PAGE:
Urgewald is a German NGO that advocates for environmental and human rights by campaigning against the financial sector.
The CAO announced its formal closure of this case (available in English and Mongolian). Although this ends the CAO’s involvement in the case, much work remains to achieve a full and meaningful implementation of the final agreements to resolve herders’ complaints. Accountability Counsel will stay involved in the case to actively monitor and support implementation.
Accountability Counsel released our interactive report, From Paper to Progress: Tracking Agreements between Nomadic Herders and Mongolia’s Largest Copper Mine. The report follows the first 18 months of implementation and includes information on what is working, what is not, and what the TPC can do to make sure the agreements fulfill their promise to local herders.
The TPC released a Joint Statement announcing their agreement to allow the CAO to close its case. This means that the CAO will stop monitoring the ongoing implementation of the two final agreements to resolve the herders’ complaints. However, the CAO case closure does not mean that the agreements are fully implemented.
The TPC released a Joint Statement announcing their progress on agreement implementation.
The parties released a Joint Statement announcing that they reached agreement to resolve the herders’ complaints. The Joint Statement includes the agreement in principle, with the exact language to be drafted and signed in the coming weeks.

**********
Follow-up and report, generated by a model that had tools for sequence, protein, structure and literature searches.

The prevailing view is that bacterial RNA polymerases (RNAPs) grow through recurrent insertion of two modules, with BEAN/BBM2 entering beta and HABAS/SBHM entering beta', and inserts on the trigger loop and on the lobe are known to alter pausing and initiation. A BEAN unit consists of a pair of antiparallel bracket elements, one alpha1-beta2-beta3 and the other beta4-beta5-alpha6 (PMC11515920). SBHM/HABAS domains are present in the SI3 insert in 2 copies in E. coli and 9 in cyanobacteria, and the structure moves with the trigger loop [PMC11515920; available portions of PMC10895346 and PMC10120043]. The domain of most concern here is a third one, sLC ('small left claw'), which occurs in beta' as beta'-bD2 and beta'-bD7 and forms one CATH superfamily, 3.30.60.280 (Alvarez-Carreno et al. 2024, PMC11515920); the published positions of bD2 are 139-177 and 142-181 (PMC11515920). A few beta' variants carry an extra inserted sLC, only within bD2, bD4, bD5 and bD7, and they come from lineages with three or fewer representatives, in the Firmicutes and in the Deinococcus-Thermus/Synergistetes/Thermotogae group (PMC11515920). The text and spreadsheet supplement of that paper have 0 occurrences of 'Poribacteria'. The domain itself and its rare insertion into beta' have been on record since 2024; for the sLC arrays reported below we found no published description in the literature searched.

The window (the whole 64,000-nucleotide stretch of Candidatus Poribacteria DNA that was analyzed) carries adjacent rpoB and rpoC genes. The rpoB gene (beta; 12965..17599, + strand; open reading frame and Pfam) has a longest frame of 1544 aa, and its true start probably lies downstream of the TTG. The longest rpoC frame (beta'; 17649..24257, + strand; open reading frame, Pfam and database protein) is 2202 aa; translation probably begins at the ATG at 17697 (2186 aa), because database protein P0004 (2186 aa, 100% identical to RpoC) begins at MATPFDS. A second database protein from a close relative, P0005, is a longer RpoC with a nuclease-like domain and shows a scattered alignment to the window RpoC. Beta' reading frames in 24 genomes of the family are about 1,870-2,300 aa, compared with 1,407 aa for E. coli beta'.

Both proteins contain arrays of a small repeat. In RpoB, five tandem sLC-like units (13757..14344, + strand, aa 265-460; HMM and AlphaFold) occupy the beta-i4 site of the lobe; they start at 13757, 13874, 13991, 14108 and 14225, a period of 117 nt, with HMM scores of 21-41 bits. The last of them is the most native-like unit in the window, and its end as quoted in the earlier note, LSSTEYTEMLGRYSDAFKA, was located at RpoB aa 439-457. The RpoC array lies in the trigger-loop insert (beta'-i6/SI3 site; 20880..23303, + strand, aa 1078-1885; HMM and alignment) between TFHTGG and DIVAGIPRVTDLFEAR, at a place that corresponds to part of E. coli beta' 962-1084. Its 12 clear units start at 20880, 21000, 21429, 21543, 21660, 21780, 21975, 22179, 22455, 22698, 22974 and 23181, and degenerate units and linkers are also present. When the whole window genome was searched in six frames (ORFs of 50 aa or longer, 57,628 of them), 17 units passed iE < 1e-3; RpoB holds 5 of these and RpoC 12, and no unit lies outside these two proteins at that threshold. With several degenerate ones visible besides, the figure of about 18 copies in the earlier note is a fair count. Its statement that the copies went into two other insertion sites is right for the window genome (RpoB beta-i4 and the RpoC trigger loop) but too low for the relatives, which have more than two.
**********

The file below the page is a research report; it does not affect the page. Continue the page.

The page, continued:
The parties signed two final agreements to resolve the herders’ complaints regarding the diversion of the Undai River and regarding livelihoods impacts, compensation, and other issues. The parties also released a Joint Statement announcing the signing of these agreements.
The parties released a Joint Statement reporting that in an initial discussion, the parties unanimously agreed to implement 18 of 28 recommendations made in the MDT/IEP Report.
Oyu Tolgoi LLC, the herders, and the local government jointly commissioned an Independent Report to answer questions about the OT project’s impacts on the surrounding environment, especially on herders’ pastureland, water supplies, and ability to maintain their traditional herding livelihoods despite the many changes brought on by the OT Project.
The reports confirmed many of the herders’ claims regarding OT’s impacts on their livelihoods, called attention to longstanding problems with OT’s monitoring practices, and provided recommendations to address the issues they identified.
OT project lenders issued a response to NGO comments on the September 2015 audit report
A coalition of NGOs authored comments on the September 2015 Independent Audit Report for the OT Project, which were submitted to the project’s international lenders. Note that these comments are based on the publicly disclosed audit report summary, available on OT’s website. The full audit report is available in the Reports section below.
The parties released a joint statement updating on a recent Tripartite Council meeting.
A report on the phase 2 underground mine, “Oyu Tolgoi Phase 2: Plans, Issues and Risks,” was released by a coalition of NGOs including Accountability Counsel.
The parties released a joint statement with updates on the Tripartite Council process.
The parties released a joint statement announcing OT’s development of an Animal Husbandry Development Action Plan for 2016 – 2025 in Khanbogd soum. The statement also announced the commencement of a tendering process for a multi-disciplinary team to undertake the socioeconomic study of herder households.